Preventing Falls in Seniors with Alzheimer’s
This page has been reviewed by a medical professional.
Reviewed by Dr. Phil Mitchell, MD, MS
Alzheimer’s disease is a progressive form of dementia that affects the brain and a person’s cognitive abilities. Symptoms include memory loss, confusion, and difficulties with problem solving, communication, language, and thinking. One of the worst consequences of this unforgiving disease is the heightened risk of falling, a risk that already increases as we age. Fortunately, there are preventative measures that caregivers for seniors with Alzheimer’s can take to keep their elderly loved ones safe.
Living with Alzheimer’s: Risk Factors & Symptoms
Before addressing the general prevention methods for Alzheimer’s-related falls, let’s take a closer look at the risk factors and symptoms that make this particular disease dangerous for the elderly. According to a study from the medical journal Age and Ageing, seniors with Alzheimer’s are three times more likely to suffer accidental fractures than those without the disease. Why? Alzheimer’s, while experienced differently, has been commonly shown to impair a person’s:
- Ability to balance, as it causes muscle weakness
- Memory and sense of direction
- Reaction times and ability to process external stimuli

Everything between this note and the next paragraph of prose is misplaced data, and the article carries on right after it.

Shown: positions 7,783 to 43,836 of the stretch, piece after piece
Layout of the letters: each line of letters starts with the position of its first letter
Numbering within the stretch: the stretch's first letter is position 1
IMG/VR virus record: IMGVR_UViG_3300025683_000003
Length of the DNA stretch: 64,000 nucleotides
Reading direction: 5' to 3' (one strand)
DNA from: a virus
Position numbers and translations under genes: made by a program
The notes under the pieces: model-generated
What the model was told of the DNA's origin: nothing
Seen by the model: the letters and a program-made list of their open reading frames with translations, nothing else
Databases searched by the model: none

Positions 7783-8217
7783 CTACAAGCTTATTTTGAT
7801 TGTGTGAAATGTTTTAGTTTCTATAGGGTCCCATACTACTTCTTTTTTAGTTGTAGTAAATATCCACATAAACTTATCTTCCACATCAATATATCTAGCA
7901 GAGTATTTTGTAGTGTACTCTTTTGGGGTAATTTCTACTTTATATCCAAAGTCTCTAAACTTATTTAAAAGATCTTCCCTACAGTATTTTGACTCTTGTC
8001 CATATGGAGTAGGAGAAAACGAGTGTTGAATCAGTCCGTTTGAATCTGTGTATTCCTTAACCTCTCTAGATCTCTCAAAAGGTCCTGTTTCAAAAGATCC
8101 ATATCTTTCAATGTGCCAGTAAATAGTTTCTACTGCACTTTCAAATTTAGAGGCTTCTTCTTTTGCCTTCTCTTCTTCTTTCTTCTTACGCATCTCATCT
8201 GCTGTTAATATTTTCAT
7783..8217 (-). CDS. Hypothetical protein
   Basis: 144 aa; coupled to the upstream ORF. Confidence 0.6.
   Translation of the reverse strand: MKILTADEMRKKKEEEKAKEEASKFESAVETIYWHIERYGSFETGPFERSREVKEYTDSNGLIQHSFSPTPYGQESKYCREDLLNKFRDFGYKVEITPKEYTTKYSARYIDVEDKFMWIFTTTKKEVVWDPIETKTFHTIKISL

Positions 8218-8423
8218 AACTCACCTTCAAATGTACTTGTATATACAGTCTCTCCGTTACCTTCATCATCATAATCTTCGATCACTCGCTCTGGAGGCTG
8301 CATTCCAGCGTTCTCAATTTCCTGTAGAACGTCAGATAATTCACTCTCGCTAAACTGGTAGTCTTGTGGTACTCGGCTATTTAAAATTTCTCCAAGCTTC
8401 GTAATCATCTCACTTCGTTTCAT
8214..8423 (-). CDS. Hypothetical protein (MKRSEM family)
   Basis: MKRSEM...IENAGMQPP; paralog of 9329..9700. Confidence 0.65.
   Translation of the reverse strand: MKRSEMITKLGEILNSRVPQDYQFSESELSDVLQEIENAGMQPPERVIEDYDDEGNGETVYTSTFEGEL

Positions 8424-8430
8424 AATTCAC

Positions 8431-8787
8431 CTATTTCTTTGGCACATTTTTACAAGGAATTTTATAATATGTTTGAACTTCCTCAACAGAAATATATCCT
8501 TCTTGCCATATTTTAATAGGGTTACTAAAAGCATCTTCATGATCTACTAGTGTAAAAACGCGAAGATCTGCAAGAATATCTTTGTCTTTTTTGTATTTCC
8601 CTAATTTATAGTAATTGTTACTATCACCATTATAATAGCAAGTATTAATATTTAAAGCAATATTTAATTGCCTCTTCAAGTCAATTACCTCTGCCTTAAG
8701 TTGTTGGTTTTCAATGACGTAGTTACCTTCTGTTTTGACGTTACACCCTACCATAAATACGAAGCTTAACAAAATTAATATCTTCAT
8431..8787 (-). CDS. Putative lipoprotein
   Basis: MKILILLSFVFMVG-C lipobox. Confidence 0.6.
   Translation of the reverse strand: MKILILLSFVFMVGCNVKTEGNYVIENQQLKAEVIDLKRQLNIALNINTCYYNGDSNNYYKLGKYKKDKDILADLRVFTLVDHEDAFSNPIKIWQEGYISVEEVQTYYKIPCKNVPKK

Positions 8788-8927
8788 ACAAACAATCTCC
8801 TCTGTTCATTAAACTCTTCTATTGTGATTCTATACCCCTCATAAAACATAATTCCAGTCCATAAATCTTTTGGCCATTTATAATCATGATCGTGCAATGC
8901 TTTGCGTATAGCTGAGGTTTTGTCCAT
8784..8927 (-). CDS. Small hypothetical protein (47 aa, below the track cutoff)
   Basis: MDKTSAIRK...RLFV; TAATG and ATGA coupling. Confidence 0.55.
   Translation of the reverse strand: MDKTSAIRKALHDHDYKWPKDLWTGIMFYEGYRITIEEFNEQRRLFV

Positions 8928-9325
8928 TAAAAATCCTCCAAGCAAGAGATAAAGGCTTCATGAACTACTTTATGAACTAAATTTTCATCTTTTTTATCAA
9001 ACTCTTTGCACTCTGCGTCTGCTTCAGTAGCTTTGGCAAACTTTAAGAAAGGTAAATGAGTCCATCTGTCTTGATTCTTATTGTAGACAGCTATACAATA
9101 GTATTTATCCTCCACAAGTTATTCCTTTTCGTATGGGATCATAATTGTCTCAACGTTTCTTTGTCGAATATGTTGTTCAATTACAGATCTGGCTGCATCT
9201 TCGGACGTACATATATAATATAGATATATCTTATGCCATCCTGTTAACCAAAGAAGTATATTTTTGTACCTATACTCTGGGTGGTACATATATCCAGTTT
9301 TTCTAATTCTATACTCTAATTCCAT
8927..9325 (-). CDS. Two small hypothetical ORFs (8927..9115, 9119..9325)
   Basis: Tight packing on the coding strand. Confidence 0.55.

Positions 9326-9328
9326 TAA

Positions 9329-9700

- Ability to communicate needs and feelings
The medications prescribed to those with Alzheimer’s can also cause drowsiness, dizziness, and low blood pressure. All of these conditions can increase the risk of accidental falls among elderly people with Alzheimer’s.
Alzheimer’s disease can be especially injurious to seniors with limited mobility, poor vision, impaired hearing, and other physical disabilities that can cause disorientation and restrict movement. For seniors with both Alzheimer’s and mobility problems, it’s important to encourage physical activity to build muscle strength and spatial awareness. It’s also important to create a safe home environment, free of obstacles that could heighten the risk of falls.
Falls are the leading cause of injury-related accidents in people over the age of 65, and according to medical professionals, contribute largely to serious injuries and/or accidental deaths. The National Center for Injury Protection and Control suggests a number of prevention methods to reduce the chance of falls in seniors with Alzheimer’s, including the following tactics:
Standing furniture, such as stools and tables, should be kept to a minimum in the living quarters of seniors with Alzheimer’s. While aesthetically pleasing, these furniture pieces are often unstable and dangerous for those with poor spatial awareness and balance. To avoid potential falls caused by misplaced objects, ensure walkways are clear and furniture is pushed against the wall.
Install Extra Lighting
Seniors with Alzheimer’s are prone to wandering—a symptom of memory loss imparted by the disease. This occurrence is especially common at night, when confusion is heightened. To create a safe environment for these dangerous wandering spells, invest in adequate lighting. This can be as simple as installing nightlights in hallways, bathrooms, and other popular walkways. Or, rig lamps with smart light bulbs that can be programmed to switch on and off automatically.